Naashon Hughes

Surely you saw the unveiling of the Texas football locker rooms last week? You couldn’t have missed it. As you might expect the Longhorns made it quite the production.

Some of the players looked absolutely gobsmacked.

BurntOrangeNation.com reported that each locker cost nearly $10,000 and featured 43-inch touch screens with player highlights and bios in case, you know, players forget who they are.

Yes, it’s ridiculous. But this is also Texas, and this offseason has been all about restoring the luster to a Longhorns program that hasn’t had a winning season since Mack Brown retired after the 2013 season.

“It’s frustrating because it’s hard to explain to the younger guys,” Longhorns linebacker Naashon Hughes said at Big 12 Media Days. “You’re not supposed to be at home for Christmas. They’ve (younger players) never been there (a bowl game) and they’re eager to get there.”

When Tom Herman arrived for Big 12 Media Days, he ticked off the things he wanted to accomplish in the offseason — facility upgrades, social media upgrades, player attitude upgrades. He received all of them, he says, after signing a five-year, $28.75 million contract to replace Charlie Strong.

But if the future is going to get brighter in Austin, one big thing must change. Texas must again become the place to be when it comes to college football. When Herman served as a graduate assistant to former Texas Mack Brown early in Brown’s tenure, Brown succeeded in doing just that, quickly snagging the nation’s No. 1 offensive recruit (Phil Simms) and defensive recruit (Cory Redding). Herman said the upgrades were necessary to fulfill that vision.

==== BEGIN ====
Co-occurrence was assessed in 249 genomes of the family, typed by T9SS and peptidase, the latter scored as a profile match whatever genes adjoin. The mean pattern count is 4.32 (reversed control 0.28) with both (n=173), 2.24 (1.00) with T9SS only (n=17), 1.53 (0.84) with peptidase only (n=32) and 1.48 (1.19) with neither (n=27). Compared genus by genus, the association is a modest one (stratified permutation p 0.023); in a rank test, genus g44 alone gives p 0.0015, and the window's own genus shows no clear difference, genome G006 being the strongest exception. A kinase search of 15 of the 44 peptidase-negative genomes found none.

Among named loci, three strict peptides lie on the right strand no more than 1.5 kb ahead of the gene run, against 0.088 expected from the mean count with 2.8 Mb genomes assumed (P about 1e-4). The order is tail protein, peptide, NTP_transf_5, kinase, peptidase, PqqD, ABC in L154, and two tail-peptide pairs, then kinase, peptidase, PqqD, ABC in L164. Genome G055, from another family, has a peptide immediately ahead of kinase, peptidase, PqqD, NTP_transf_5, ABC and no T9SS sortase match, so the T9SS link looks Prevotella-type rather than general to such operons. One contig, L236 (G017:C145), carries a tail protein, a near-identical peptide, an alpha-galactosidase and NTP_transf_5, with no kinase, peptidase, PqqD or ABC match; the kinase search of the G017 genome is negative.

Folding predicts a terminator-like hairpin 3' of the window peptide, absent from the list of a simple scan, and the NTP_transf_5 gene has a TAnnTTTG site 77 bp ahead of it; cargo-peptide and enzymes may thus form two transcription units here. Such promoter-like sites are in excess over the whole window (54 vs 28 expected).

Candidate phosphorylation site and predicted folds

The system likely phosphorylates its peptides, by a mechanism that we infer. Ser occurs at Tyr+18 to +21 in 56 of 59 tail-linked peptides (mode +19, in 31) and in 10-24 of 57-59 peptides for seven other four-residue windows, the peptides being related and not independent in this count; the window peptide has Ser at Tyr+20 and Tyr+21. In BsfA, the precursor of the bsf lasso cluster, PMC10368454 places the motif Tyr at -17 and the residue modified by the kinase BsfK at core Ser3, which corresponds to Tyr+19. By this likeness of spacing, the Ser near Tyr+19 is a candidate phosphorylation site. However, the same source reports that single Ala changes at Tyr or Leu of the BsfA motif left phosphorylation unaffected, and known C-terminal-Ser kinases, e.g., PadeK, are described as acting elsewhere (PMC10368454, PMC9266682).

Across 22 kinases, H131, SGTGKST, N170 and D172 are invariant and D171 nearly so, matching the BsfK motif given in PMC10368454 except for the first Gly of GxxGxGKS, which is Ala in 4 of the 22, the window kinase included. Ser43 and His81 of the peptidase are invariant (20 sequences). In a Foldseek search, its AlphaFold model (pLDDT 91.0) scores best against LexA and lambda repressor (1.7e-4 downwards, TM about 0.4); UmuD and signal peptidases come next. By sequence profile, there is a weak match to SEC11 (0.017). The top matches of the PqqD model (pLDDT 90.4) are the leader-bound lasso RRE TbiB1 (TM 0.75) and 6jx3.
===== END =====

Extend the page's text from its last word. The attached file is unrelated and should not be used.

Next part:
“Our recruiting and social media staff have done an excellent job this first eight months on the job, in terms of kind of rebranding Texas football a little bit and making sure we are one of the really cool places to come and to get your education at and to play football,” Herman said.

That bodes well for the future, but there is some present to sort out. During his first meeting with his new players Herman asked how many had been to a bowl game. Three players raised their hands, including Naashon Hughes. The others were defensive back Antwuan Davis and kicker Mitchell Becker. All three were redshirts that season, as the Longhorns sent Brown out with an 8-5 record.

The following three seasons Strong and his staff were successful in recruiting talent, but not translating that talent into success to the field. The Longhorns went 16-21 in three years under Strong, losing a bowl game his first year in 2014. The Longhorns’ road loss to Kansas last season seemed to seal Strong’s fate, as his firing gave way to Herman.

Herman didn’t go so far as to strip his new players of their “Longhorns,” as Texas Tech head coach Kliff Kingsbury stripped his players of their “Double T’s” this offseason. But he did insist on an upgrade in facilities. Along with the locker rooms, the practice facility is getting additional upgrades to be more attractive to recruits and Royal Memorial Stadium is getting a new videoboard, the fourth-largest in college football.

Herman says its necessary, likening the upgrade to the top-notch facilities Texas had when he arrived nearly two decades ago under Brown. Naashon Hughes said that when he visited in 2012 Oregon was the one school he knew of that had heavily invested in facilities. Now everyone is doing it, to the point where Kansas — yes, the Jayhawks — committed $300 million in facility upgrades for football this summer.